Near new plant and equipment, up to 5000 mated Merino ewes and 2022 cropping inputs will be included in the sale if required by the purchaser.
Mr Wilkinson said the sale was timed to allow Mr Nicoletti to complete this year's harvest and would provide potential new owners with the best opportunity to assess soil quality, water levels in dams and overall potential of the portfolio.
"In collaboration with staff, John will keep farming through the process with all options considered in relation to 2022, including proposed settlement at completion of the expression of interest period,'' Mr Wilkinson said.
"He has all the inputs, livestock, plant and equipment so he can keep farming.
"He obviously puts together quality land parcels and he is not scared to invest money to improve the soil structure, soil fertility and the infrastructure."
The information memorandum for the sale states that both aggregations were easily accessible by major freight networks and supported by key agriculture infrastructure, including CBH grain storage sites at Newdegate, Beacon and Koorda.
An adequate and well-located water supply is delivered to the farms by a combination of scheme water reticulated to tanks and troughs, earth dams with catchments and rainwater tanks.
Fencing is in good working condition and mainly comprises steel and timber with conventional fencing and barbed wire.
Mr Nicoletti has recently installed 35 kilometres of vermin-proof fencing along the Beacon aggregation's north-west boundary.
The Newdegate aggregation comprises the properties Sydenham, Regans, Magenta View, Connawarrie, Pinjarrah and Glenmore and sits in an average annual rainfall belt of 361 millimetres.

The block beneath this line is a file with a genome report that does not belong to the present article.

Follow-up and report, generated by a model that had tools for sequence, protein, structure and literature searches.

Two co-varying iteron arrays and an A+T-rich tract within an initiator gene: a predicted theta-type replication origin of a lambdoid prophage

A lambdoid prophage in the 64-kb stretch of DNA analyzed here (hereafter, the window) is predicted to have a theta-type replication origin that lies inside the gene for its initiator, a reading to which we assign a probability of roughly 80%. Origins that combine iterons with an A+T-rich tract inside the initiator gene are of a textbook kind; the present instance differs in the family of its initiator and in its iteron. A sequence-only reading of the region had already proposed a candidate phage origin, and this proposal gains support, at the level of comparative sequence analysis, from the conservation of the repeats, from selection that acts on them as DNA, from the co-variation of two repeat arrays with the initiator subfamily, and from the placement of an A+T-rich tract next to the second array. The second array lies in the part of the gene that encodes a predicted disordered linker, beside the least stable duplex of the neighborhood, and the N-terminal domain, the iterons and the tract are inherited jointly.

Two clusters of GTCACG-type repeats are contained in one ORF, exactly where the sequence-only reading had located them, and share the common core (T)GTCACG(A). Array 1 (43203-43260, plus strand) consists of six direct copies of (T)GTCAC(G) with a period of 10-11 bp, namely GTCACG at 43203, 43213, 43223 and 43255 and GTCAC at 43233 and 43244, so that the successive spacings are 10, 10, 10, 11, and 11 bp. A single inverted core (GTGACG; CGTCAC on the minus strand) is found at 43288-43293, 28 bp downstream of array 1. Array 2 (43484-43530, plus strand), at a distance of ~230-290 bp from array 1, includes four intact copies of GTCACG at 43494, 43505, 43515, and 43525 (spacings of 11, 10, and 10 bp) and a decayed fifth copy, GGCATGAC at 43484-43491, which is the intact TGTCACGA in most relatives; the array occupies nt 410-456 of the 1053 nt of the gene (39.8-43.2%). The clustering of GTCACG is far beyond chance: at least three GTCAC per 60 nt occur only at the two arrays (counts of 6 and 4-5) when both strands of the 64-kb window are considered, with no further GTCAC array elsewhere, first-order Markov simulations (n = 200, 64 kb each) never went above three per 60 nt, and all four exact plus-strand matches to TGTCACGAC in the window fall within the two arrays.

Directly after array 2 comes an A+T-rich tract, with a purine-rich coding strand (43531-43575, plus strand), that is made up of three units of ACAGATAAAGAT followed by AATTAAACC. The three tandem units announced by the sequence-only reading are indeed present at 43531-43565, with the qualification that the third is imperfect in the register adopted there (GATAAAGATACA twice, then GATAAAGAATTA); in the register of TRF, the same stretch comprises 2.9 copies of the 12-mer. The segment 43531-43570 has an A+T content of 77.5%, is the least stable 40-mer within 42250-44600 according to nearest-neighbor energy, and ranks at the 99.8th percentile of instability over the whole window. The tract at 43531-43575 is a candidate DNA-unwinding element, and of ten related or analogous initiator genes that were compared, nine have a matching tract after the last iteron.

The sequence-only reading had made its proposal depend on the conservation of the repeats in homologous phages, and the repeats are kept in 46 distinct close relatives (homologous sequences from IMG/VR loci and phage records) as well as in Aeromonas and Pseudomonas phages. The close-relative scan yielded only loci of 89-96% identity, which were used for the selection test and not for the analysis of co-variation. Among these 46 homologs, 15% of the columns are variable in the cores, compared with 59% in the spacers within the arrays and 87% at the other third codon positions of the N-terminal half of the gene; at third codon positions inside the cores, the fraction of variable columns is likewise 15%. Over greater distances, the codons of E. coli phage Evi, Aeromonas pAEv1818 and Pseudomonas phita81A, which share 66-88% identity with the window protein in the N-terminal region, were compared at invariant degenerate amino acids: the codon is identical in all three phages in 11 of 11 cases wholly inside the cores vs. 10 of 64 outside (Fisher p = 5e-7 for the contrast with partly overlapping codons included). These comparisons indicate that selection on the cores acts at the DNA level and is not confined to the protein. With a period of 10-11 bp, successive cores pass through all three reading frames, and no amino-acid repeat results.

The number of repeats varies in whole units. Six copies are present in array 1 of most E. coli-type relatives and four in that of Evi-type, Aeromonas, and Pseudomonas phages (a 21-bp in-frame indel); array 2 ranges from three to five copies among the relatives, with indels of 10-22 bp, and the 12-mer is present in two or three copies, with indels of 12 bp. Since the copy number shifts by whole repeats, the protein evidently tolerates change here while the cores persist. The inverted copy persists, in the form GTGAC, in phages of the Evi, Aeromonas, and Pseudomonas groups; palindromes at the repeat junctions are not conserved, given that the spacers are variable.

The high quality soil types include mallee/grevillea gravel sandplain duplex soils, lake bank loams, which are regarded as highly arable and portions of mallee and salmon gum clay.
An on-going soil amelioration program is in place.
Infrastructure includes at least 5400 tonnes of onfarm grain storage, fertiliser storage sheds, workshops and machinery sheds, shearing sheds and sheep handling yards plus a range of accommodation - from a five-bedroom home through to casual employee dongas.
Properties in the Beacon aggregation are Kenandra, Sun Valley North, Kelken, White, Kuhl and Beagleys.
The Beacon farms receive slightly less rainfall than the Newdegate aggregation, with an average annual rainfall of 314mm.
Soil types include high quality, highly arable jam/mallee gravel sandplain duplex soils with portions of salmon gum clay.
Infrastructure includes 3000t of onfarm grain silos, various fertiliser storage sheds, workshops and machinery sheds, shearing sheds, livestock yards and horse stables and a range of accommodation.
The portfolio is being offered for sale by expressions of interest, closing on January 30, 2022 at 4pm WST.
- More information: contact LAWD senior director Danny Thomas on 0439 349 977, director Simon Wilkinson on 0456 758 341 or director Erica Semmens on 0419 714 039.